The company had already announced the CEO change to replace its current CEO, Alex Gorsky, who's headed up the companies since 2012. The new CEO will be a man named Joaquin Duato. He takes over on January 3rd and he will head up the Johnson & Johnson company. As I mentioned before, we don't know yet who is going to head up the new consumer health business. I think this is a positive deal.

I think that it will enable both of those businesses to grow and to tap into different consumer bases. I think you have a lot of different customers for each. There's some overlap, but it's clear that these businesses have been going in different directions. I think the stock is a great dividend payer.

It has lagged the S&P 500's performance this year, it's up about 20% compared to the S&P 500's total return of about 30%. One to watch, it sounds like it's going to be a bit before it goes through, but I don't see any reason why it won't.

Jason Hall: To me Rachel, this reminds me of when Abbott split up back and it was 2013. It wasn't exactly the same, but Abbott split off AbbVie which is it's pharma business from Abbott's lab which is their medical devices and that stuff. I guess they have some little bit of consumer stuff. But I was looking before the show and I saw that's gone swimmingly for investors.

Rachel Warren: Quite well, yes. [laughs]

Jason Hall: Yeah. Because it's allowed a little bit more focused on different segments by management. I think that's important because the resource allocation and focus is a little better.

Rachel Warren: Absolutely, yeah.

Travis Hoium: Well, this is a theme across the market, GE splitting up, I think these conglomerates and this is just only split into two, but this has been a theme in the last quarter and I think could be for the next year as companies like Jason said, start to focus on something that they do well and not trying to do a million things halfheartedly.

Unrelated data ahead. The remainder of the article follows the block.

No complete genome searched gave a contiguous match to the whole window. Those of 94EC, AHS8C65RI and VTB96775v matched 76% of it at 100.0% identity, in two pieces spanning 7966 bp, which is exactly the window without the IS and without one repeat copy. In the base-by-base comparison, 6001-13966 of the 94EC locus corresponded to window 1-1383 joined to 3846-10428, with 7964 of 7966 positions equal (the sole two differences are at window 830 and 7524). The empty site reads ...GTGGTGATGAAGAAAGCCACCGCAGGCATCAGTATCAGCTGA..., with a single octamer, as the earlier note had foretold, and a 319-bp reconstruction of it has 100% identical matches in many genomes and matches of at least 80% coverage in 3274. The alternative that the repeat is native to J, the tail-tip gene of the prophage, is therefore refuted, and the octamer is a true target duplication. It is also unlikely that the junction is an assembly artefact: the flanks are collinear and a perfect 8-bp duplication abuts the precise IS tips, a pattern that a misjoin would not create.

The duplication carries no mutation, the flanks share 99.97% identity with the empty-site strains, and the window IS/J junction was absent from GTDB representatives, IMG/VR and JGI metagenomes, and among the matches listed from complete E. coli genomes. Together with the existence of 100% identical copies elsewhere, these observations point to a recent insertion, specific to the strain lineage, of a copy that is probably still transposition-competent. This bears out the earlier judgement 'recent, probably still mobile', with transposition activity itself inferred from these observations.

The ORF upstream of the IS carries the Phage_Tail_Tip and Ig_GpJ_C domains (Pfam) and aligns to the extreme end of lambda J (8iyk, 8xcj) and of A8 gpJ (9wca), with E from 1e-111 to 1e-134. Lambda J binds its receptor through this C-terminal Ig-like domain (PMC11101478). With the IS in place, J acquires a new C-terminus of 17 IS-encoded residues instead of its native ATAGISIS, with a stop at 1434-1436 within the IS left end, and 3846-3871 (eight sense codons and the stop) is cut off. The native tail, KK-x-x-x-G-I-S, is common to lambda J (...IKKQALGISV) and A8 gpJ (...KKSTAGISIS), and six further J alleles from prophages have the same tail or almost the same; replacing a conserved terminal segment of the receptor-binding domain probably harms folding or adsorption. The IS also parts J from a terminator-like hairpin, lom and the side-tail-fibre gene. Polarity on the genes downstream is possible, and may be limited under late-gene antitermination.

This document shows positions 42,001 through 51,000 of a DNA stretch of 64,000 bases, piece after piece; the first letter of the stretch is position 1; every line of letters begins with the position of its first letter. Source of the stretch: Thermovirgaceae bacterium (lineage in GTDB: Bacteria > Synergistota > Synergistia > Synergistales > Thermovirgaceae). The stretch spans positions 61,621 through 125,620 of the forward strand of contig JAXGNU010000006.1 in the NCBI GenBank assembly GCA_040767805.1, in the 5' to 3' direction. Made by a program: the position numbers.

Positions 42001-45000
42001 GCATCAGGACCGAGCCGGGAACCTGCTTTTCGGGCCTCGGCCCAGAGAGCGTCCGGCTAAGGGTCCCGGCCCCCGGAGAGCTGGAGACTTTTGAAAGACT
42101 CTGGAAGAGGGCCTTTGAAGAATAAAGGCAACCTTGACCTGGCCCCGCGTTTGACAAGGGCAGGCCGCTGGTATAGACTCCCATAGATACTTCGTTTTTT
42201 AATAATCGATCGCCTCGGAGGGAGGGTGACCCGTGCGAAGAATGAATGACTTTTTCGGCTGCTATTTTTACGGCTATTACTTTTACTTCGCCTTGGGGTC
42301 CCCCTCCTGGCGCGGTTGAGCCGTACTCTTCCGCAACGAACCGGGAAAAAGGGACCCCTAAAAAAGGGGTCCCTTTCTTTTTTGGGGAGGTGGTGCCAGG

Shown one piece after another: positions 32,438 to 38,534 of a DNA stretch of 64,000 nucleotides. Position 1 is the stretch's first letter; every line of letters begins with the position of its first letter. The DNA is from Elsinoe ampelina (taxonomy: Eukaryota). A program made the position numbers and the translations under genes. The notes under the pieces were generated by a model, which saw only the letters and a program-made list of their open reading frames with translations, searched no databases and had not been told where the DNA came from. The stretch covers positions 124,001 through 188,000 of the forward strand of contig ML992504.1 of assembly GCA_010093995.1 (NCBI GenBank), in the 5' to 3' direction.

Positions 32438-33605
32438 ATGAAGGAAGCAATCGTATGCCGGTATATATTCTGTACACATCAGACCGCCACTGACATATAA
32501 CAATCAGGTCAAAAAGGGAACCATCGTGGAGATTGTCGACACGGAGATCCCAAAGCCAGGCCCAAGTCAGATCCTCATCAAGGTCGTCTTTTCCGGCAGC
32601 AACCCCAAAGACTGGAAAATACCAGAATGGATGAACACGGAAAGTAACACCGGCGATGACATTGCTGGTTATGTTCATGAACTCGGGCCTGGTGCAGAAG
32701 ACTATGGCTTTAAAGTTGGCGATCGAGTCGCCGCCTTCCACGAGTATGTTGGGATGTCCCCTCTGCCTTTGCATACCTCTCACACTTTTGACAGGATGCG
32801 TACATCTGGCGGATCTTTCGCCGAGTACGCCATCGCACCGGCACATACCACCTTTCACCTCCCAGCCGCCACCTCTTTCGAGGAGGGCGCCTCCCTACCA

Toby Bordelon: It's certainly going to be interesting. I wonder about that, is 2022 going to be more acquisitions or more split-ups?

Lou Whiteman: Are there any left?

Toby Bordelon: There's a few--

Lou Whiteman: Oh there are?

Toby Bordelon: There's a few that on the tech side that I think would prefer not to split out. Maybe there will be some force split ups we'll see.

Jason Hall: Maybe shown the door as they say.

Lou Whiteman: Real quick on this, I think actually Toby and Travis, I think we talked about it on the show, but I think an under-appreciated part of this is the tech is making this possible.

A lot of the old-school argument for conglomerate or building was the back-office. The back-office is becoming so much cheaper with cloud software. HR as a function can be spread thinner now, and that old argument that you just need all of this back-office functions under one roof to save money.

It just doesn't hold as true anymore because that whole back-office has been automated and it is allowing for smaller, more nimble companies to be just as cost-competitive as the conglomerates on that HR finance, accounting, just the non-customer-facing side of it. I think that is a huge trend that's really under-appreciated in looking at all the splits.

Travis Hoium: To that point, I think that maybe the answer to Toby's question that I could see more tech acquisitions or mergers next year as we've talked about on a number of these already.

You try to put more software under one bundle as opposed to the hard goods in consumer products. Those maybe don't make as much sense together today as they did 20 or 30 years ago.

We may be seeing these old guard companies splitting up and these newer companies merging as they're trying to have a land grab in whatever space there in.

Jason Hall owns Block, Inc. Lou Whiteman has no position in any of the stocks mentioned. Rachel Warren owns AbbVie and Johnson & Johnson. Toby Bordelon owns Block, Inc. Travis Hoium owns Block, Inc. The Motley Fool owns and recommends Block, Inc. The Motley Fool recommends Johnson & Johnson. The Motley Fool has a disclosure policy.